Capital Thoughts:

Captain America #15

Iron Nail… Cap’s newest villain.  Inventing a Cap villain can’t be easy.  Any new character is immediately compared to the Red Skull, among the most iconic villains in comics, right up there with Batman’s the Joker.  Given Cap’s WWII, flag-waving origin, it’s not surprising that the Red Skull, was (and is) a Nazi. As any life-long reader of Marvel Comics knows, Nazis are always the worst villains in the Marvel Universe. In fact, Hitler’s ageless cronies are still going strong: The Red Skull and his team of evil agents, Baron Zemo, Baron von Strucker, and the brilliant but mad Armin Zola, a.k.a. the Bio-Fanatic. And then there is the one villain that even the Skull and Zola bow to: the Hate Monger, who made his first appearance in Fantastic Four #21 (1963; Lee/Kirby).

In Super-Villain Team Up #17 (1980; Gillis/Jones and Patterson), the Hate Monger allies himself with the aforementioned Red Skull and the Bio-Fanatic to recreate the all-powerful Cosmic Cube. As part of the process, the Bio-Fanatic uses Jewish slaves as bio-computers. They will all die, but, as the Skull notes, the Nazis “have an adequate stock of replacement parts.” When the Israeli secret agent Rachel leads a Shin Bet brigade—the Israeli equivalent of the Green Berets—against the villains’ stronghold, she and her team are taken captive. Escaping, she alerts S.H.I.E.L.D., who launches an invasion of this secret Nazi island. As the paratroopers begin their assault, the Hate Monger rushes to Zola’s lab. Yes, the Cube is ready:

Zola: … Herr Hate Monger! What do you want?

Hate Monger (peeling off his mask): Do not call me by that stupid pseudonym! You know who I am! Now and forever, I am Adolph Hitler!

And, of course, Cap has just returned from Dimension Z, where he, yet again, fought Zola.

That Nazis have continued to play such a large role in the Marvel Universe should not be a complete surprise. As detailed in any number of books on the early comic book industry, Stan Lee and many of his cohorts were Jewish, and the Holocaust’s shadow is a long and painful one.  And while Marvel is now a far larger and more complicated company, these Nazi characters, so far as villains go, remain useful and valuable. But Nazis can’t do it all.  What about communists and the so-called “Red Menace,” which only became a geopolitical reality when Cap was frozen like Atlantic Cod?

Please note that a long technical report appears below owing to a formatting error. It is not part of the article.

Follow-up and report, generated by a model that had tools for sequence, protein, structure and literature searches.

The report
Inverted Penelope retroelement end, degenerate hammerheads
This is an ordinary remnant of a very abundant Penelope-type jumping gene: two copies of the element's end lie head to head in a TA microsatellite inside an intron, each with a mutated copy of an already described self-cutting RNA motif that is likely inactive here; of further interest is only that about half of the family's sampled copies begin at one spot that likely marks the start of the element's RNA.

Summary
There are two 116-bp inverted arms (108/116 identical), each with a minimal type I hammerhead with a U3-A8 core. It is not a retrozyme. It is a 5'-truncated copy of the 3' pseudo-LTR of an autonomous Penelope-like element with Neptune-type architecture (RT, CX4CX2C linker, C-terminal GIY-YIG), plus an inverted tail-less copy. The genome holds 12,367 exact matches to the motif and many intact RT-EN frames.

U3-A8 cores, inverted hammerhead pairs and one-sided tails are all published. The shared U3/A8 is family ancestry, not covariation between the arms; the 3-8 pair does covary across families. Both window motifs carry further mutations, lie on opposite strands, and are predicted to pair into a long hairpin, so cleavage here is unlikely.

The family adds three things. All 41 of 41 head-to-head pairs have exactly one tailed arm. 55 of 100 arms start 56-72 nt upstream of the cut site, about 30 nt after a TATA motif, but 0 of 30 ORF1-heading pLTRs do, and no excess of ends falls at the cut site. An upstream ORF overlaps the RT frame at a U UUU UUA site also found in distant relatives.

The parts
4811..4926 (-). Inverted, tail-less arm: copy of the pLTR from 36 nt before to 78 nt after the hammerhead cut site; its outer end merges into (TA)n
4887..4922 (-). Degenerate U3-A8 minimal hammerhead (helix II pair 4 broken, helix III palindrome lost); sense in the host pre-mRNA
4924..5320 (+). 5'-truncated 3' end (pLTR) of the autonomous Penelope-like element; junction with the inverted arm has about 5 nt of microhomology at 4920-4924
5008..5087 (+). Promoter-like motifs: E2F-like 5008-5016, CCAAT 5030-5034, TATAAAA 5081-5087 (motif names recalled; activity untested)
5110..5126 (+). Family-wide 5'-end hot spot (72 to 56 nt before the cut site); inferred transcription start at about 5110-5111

Yes, most of us know that there was another Cap (detailed in Captain America #155-6; 1972; Buscema/Englehart), a replacement, who fought American communists.  But Steve himself only faced the Viet Cong a handful of times (See Lee/Kirby’s “The Strength of the Sumo,” Tales of Suspense #61/1965; Lee/Colan’s Captain America #125/1970).  There is, moreover, something anti-capitalist in Steve’s egalitarianism.  He’s never been a money-guy.  Sure, he’d workout at the old Avengers mansion, but he was no preppy.  He remains a working class hero. His apartment was for years in Brooklyn Heights, where he, among other things, worked as a commercial artist and started a national Captain America Hotline (see Gruenwald/Neary’s Captain America #312; 1985).  And remember what he told Tony at the height of Marvel’s epic Civil War: “You really think I’m going down… to some pampered punk like you?”